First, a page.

Appeal On Judge Osteen's Decision On Epa Classification Of Ets In Progress

APPEAL ON JUDGE OSTEEN'S DECISION ON EPA CLASSIFICATION OF ETS IN PROGRESS

Tobacco companies ask Fourth Circuit to affirm Judge Osteen's decision on EPA classification of ETS as "known" human carcinogen.

The following statement was issued June 7, 1999 by Philip Morris Incorporated; R.J. Reynolds Tobacco Company and Brown & Williamson Tobacco Corporation regarding the oral argument before the U.S. Circuit Court of Appeals for the Fourth Circuit on the lawsuit involving the Environmental Protection Agency's (EPA) classification of environmental tobacco smoke as a "known" human carcinogen.

"Our companies today asked the Fourth Circuit to affirm Federal Judge William L. Osteen's decision that the Environmental Protection Agency disregarded the law and established rules of scientific procedure in classifying environmental tobacco smoke (ETS) as a 'known' human carcinogen.

"Judge Osteen's ruling supported our long-held view that the EPA predetermined its conclusions and manipulated established scientific procedures to validate those conclusions.

"In his ruling, Judge Osteen declared that:

'In this case, EPA publicly committed to a conclusion before the research had begun; excluded (the) industry by violating the Act's procedural requirements; adjusted established procedure and scientific norms to validate the Agency's public conclusion, and aggressively utilized the Act's authority to disseminate findings to establish a de facto regulatory scheme intended to restrict plaintiffs' products and to influence public opinion.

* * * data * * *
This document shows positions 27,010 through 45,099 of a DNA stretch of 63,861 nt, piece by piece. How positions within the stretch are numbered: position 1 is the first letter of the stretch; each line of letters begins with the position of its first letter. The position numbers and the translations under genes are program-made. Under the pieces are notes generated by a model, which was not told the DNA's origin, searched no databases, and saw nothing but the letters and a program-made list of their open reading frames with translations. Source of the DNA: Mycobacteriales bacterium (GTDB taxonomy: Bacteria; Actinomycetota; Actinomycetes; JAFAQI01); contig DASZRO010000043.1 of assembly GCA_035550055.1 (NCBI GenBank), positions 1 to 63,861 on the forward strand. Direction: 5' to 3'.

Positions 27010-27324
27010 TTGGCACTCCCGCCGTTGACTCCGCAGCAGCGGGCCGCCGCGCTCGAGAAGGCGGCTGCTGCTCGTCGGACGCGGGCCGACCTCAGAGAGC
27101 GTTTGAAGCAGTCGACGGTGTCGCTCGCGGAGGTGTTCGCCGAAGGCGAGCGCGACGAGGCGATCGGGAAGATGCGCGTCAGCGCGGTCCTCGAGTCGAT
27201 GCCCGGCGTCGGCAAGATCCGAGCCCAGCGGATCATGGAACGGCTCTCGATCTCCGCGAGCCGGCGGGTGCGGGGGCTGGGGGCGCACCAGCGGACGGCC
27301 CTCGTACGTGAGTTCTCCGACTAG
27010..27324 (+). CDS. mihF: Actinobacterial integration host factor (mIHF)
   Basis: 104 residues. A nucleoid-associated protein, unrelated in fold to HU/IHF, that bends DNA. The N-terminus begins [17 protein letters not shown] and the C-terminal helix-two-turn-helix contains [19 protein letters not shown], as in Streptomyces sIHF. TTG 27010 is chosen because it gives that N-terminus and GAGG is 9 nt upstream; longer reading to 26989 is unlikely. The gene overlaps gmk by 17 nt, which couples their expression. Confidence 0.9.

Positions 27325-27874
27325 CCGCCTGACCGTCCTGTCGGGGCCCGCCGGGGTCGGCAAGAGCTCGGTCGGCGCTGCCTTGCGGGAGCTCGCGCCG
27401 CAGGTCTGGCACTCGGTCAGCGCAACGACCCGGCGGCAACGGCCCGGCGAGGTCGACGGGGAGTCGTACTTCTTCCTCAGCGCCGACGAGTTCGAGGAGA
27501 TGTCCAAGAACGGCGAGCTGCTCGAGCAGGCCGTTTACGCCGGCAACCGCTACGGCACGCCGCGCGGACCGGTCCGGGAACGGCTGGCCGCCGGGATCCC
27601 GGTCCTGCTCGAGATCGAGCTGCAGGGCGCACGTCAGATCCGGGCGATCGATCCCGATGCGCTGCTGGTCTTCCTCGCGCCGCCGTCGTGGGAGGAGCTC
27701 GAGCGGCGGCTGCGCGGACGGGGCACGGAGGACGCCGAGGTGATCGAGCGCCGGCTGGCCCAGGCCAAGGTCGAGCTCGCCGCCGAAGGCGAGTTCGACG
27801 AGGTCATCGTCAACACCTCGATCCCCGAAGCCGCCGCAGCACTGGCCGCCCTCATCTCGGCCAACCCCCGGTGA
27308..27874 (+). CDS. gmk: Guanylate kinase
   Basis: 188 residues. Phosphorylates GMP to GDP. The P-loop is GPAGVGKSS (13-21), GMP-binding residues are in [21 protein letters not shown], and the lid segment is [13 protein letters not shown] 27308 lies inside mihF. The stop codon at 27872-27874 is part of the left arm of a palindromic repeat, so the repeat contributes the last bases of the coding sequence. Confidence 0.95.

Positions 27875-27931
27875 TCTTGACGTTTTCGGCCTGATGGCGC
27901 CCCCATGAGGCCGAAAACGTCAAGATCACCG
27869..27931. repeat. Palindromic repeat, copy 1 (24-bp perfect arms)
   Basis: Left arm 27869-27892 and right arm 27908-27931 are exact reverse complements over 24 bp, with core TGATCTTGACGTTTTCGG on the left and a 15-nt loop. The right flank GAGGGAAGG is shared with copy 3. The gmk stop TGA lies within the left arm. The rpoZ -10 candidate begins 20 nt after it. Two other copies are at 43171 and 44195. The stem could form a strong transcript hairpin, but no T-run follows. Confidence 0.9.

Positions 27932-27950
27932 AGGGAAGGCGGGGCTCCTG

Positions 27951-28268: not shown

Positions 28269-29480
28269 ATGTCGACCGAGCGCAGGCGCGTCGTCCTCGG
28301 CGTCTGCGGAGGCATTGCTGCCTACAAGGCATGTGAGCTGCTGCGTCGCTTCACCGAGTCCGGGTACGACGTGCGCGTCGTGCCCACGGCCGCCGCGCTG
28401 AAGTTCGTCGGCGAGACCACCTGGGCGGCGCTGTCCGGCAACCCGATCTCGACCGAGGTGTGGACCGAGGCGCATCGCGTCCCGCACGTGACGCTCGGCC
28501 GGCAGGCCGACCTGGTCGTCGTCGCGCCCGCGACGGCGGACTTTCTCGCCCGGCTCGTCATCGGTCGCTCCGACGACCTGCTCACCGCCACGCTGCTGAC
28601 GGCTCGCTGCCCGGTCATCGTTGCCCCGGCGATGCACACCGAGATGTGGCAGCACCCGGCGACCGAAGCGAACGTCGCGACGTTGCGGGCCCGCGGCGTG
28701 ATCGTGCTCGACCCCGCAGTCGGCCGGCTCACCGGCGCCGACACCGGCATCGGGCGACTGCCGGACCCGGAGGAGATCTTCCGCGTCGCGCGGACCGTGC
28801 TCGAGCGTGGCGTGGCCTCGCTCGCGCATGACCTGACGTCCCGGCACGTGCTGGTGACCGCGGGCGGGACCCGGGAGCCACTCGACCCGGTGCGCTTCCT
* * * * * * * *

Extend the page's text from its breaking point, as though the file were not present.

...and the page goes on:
'In conducting the ETS risk assessment, EPA disregarded information and made findings on selective information; did not disseminate significant epidemiological information; deviated from its Risk Assessment Guidelines; failed to disclose important findings and reasoning; and left significant questions without answers. EPA's conduct left substantial holes in the administrative record. While in so doing, EPA produced limited evidence, then claimed the weight of the agency's research evidence demonstrated ETS causes cancer.'

"Because of the glaring and serious deficiencies in the EPA's decision-making process, we argued today that the appeals panel should affirm Judge Osteen's ruling vacating the chapters of its risk assessment concerning lung cancer and its classification of ETS as a 'known' human carcinogen."

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